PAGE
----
UPDATE 29th April : Today my YouTube app is behaving slightly differently using different algorithms for cardboard and non-cardboard modes (mono vs stereo video) but with both using W, X, Y & Z channels. I’ll retest soon and update this post accordingly when I get a chance as yesterday the audio was exactly the same in both modes with the only difference being Android (Ambisonic) vs non-Android (W/Y Stereo) modes detailed below.
So, I’ve been experimenting with YouTube’s Ambisonic to Binaural VR videos. They work, sound spacious and head tracking also functions (although there seems to be some lag, compared to the video – at least on my Sony Z3), but I thought I’d have a dig around and test how they’re implementing it to see what compromises they’ve made for mobile devices (as the localisation could be sharper…)
Cut to the chase – YouTube are using short, anechoic Head Related Transfer Functions that also assume that the head is symmetrical. Doing this means you can boil down the Ambisonics to Binaural algorithm to just four short Finite Impulse Response Filters that need convolving in real-time with the B-Format channels (W, X, Y & Z in Furse Malham/SoundField notation – I know YouTube uses ambiX, but I’m sticking with this for now!). These optimisations are likely needed to make the algorithm work on more mobile phones.
So, how do I know this? I put a test signal (log sine wave sweep) on each of the B-Format channels and then I recorded back the stereo signals allowing me to measure a left and right response for each of the four channels individually. I carried this out when the phone was both facing front and at +90 degree to check the rotation algorithm was working. Below are the Head Related Impulse Responses (HRIRs) I got back (click for higher res) – these will also contain any filtering etc. from my phone and computer, but have turned out pretty well considering I had to hold the phone still in the correct position!
The fact that the left and right HRIRs are identical (or polarity inverted) show that they’ve used the symmetrical head assumption and the X and Y channels swapping between facing 0 and 90 degrees shows the rotation being carried out on the Ambisonic channel signals. Once you’ve got these HRIRs, generating the Left and Right headphones signals in the phone is (where the multiply with a circle indicates convolution). However, this is likely to be carried out in the frequency domain where it’s more efficient.
Below is also the frequency response of the four Ambisonic HRTFs where you can see YouTube cutting off the response at around 16.4kHz (again, click for higher resolution).
Once the W, X, Y & Z filters were obtained, although I sent log sine sweeps every 12 seconds (for a 10 second sweep), due to the fact I was recording in the analogue domain (no clock sync between phone and computer) some clock differences have caused the filters to be slightly mis-aligned. This can be most easily seen if a source is simulated at 90 degrees with respect to the head of the listener, as this should exhibit the greatest amplitude difference between the ears once the Ambisonics to Binaural algorithm is implemented. This was achieved when the an extra 2 samples (2/48000 of a second) delay was added to each 12 second ‘jump’. The frequency plots for a front facing head and a source at +90 degrees, and a +90 degrees facing head and a source at 0 degrees are shown below (so in the first plot, the left ear should be loudest, and in the 2nd plot the right ear should be loudest). I’ve also trimmed the HRIRs to 512 samples and windowed the responses using a hanning window. It is likely that the actual clock difference isn’t a multiple of 1 sample, so this method isn’t quite ideal!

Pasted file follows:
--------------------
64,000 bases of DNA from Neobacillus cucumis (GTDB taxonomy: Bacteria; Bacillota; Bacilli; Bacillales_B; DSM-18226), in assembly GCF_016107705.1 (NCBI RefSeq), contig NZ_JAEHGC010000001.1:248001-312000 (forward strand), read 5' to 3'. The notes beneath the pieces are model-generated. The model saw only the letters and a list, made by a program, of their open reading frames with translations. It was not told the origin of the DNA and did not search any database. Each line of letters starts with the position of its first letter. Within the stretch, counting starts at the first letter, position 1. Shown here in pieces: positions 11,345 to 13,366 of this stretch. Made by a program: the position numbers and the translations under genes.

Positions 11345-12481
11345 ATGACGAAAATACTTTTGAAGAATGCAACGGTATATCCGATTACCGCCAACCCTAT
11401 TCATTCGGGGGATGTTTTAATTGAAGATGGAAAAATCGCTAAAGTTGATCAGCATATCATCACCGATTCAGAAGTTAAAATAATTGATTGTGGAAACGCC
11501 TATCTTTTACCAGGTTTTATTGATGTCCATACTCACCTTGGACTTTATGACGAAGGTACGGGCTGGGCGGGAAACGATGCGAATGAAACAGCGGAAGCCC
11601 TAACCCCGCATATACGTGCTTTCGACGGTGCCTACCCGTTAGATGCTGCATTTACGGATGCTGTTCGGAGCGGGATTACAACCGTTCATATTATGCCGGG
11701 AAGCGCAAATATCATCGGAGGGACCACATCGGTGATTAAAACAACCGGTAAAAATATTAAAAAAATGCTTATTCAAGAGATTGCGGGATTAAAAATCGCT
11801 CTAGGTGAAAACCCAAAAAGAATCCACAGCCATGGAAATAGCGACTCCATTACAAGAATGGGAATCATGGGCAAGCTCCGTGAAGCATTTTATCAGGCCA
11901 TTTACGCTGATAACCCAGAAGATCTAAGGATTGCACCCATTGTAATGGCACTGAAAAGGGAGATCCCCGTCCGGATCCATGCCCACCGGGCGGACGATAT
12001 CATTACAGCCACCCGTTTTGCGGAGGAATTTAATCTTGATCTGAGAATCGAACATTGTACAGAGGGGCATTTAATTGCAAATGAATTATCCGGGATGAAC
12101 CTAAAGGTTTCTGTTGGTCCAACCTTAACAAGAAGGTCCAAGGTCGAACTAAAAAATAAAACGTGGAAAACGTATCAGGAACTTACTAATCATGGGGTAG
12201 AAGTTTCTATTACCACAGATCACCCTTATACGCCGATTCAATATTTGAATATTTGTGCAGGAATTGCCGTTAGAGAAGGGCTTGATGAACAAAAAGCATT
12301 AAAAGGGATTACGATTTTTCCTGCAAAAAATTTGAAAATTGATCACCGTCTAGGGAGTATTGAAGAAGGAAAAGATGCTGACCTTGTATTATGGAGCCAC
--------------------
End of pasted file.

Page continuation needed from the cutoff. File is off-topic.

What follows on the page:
These plots should be identical, but measurement inconsistencies can be noted between the far ear responses to the source (as these are lower level, they’re more prone to error), and by inspection it seems like the head at +90 degrees is a slightly better capture at this point. Also, remember that the response above 16.4kHz is not worth worring about as YouTube filters out frequencies above this value.
More to follow…
Ambisonics To Stereo
An aside on stereo. I’ve not put any plots up yet, but it seems like the Ambisonics to Stereo algorithm used (on non-android YouTube) is simply:
Google should really look into using UHJ for their Ambisonics to Stereo conversion…for an example of the difference, listen to the audio on these two videos. The first one is Ambisonics to UHJ, the second will be YouTube’s Ambisonics->Stereo algorithm detailed above (to carry out this test DO NOT use the Android YouTube app!)
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Wiggins, B. (2004) An Investigation into the Real-time Manipulation and Control of Three-dimensional Sound Fields. PhD thesis, University of Derby, Derby, UK. p. 103
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